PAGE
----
• Similarly, a representative hardware environment for practicing the methodology of FIG. 5 in accordance with the present invention is depicted in FIG. 8. For example, page server [0044] 108 FIG. 1, may be implemented in accordance with data processing system 800. FIG. 8 illustrates an exemplary hardware configuration of data processing system 800 in accordance with the subject invention having central processing unit (CPU) 810, such as a conventional microprocessor, and a number of other units interconnected via system bus 812. Data processing system 800 includes random access memory (RAM) 814, read only memory (ROM) 816, and input/output (I/O) adapter 818 for connecting peripheral devices such as disk units 820 to bus 812. System 800 also includes communication adapter 834 for connecting data processing system 800 to a data processing network enabling the data processing system to communicate with other systems. CPU 810 may include other circuitry not shown herein, which will include circuitry commonly found within a microprocessor, e.g., execution unit, bus interface unit, arithmetic logic unit, etc. CPU 810 may also reside on a single integrated circuit.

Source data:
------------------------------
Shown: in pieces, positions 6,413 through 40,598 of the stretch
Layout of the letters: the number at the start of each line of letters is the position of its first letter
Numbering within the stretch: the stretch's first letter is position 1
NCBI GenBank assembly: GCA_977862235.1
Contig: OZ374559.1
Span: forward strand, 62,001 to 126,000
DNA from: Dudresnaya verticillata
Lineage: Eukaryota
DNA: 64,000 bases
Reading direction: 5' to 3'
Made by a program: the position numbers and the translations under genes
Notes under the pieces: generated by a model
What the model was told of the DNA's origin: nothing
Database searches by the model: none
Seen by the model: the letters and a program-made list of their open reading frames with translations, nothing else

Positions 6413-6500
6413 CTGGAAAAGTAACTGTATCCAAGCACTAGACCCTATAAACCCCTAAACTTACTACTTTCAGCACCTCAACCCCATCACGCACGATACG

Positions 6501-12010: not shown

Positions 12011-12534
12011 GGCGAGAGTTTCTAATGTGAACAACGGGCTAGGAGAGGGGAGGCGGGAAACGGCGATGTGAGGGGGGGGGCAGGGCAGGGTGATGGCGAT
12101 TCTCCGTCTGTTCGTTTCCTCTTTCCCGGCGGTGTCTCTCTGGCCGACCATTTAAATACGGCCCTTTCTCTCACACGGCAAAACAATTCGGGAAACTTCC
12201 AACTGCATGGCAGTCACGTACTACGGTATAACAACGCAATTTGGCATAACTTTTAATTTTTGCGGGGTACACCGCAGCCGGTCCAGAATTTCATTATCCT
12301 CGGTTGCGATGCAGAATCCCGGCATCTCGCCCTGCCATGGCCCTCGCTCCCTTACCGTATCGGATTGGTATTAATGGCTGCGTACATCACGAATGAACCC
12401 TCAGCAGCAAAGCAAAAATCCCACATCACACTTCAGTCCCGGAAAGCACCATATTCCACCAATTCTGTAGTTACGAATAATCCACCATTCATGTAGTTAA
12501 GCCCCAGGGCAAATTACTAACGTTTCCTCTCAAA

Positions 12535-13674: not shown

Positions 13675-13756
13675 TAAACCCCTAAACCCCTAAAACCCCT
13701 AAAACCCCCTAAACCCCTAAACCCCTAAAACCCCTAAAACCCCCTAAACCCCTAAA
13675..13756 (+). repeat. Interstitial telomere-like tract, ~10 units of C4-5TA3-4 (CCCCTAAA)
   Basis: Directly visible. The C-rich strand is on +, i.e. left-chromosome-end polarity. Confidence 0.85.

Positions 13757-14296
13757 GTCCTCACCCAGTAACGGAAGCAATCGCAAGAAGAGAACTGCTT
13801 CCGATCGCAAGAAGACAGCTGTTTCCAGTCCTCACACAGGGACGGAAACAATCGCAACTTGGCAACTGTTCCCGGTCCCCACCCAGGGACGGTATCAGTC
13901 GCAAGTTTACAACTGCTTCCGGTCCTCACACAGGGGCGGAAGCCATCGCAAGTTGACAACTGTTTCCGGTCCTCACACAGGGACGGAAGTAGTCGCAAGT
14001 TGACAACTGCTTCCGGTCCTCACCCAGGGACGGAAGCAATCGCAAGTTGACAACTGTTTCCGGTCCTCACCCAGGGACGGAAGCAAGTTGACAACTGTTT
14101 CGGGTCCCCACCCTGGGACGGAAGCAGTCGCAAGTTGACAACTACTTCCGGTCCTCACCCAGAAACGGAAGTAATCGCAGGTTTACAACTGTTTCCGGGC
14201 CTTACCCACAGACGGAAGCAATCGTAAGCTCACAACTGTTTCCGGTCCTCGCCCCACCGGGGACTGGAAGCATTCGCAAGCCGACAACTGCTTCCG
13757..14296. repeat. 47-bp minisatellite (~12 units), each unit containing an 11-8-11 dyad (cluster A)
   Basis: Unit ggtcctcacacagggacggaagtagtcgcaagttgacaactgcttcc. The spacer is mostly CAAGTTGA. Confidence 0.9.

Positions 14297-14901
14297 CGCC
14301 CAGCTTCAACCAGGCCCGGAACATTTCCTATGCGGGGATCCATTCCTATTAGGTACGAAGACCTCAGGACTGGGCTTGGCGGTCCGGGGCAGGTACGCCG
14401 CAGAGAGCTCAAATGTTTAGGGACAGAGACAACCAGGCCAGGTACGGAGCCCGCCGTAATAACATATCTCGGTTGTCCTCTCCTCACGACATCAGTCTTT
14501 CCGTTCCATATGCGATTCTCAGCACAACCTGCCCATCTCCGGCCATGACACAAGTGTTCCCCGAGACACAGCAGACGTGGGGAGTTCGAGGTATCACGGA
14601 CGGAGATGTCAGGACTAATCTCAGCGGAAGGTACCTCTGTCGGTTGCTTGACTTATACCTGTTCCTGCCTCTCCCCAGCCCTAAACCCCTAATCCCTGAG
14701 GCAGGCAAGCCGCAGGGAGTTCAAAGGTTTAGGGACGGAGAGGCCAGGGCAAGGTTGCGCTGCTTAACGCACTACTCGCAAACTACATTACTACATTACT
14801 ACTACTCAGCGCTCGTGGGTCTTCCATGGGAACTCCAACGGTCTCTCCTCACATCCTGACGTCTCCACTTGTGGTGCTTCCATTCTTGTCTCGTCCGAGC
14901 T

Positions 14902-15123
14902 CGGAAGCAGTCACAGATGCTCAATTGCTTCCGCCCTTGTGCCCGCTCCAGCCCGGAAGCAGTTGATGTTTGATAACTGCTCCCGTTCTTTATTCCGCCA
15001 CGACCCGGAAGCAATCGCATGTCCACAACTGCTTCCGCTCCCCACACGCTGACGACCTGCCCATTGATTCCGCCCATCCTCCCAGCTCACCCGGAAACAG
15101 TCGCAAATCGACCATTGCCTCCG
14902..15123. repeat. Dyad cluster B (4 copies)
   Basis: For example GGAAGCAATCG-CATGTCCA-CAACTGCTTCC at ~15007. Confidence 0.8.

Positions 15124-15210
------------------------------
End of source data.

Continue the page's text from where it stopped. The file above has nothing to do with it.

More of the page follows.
• Preferred implementations of the invention include implementations as a computer system programmed to execute the method or methods described herein, and as a computer program product. According to the computer system implementation, sets of instructions for executing the method or methods are resident in the random access memory [0045] 814 of one or more computer systems configured generally as described above. These sets of instructions in conjunction with the system components which execute them, may generate a Web page incorporating a dispatch function and IPC bridge in accordance with the present inventive principles. A methodology for generating such a Web page is described in the commonly-owned, concurrently filed U.S. patent application entitled “Systems And Methods For Defining Web Application Pages,” Ser. No. ______, which is hereby incorporated herein by reference. Until required by the computer system, the set of instructions may be stored as a computer program product in another computer memory, for example, in disk drive 820 (which may include a removable memory such as an optical disk or floppy disk for eventual use in the disk drive 820). Further, the computer program product can also be stored at another computer and transmitted when desired to the user's workstation by a network or by an external network such as the Internet. One skilled in the art would appreciate that the physical storage of the sets of instructions physically changes the medium upon which it is stored so that the medium carries computer readable information. The change maybe electrical, magnetic, chemical, biological, or some other physical change. While it is convenient to describe the invention in terms of instructions, symbols, characters, or the like, the reader should remember that all of these and similar terms should be associated with the appropriate physical elements.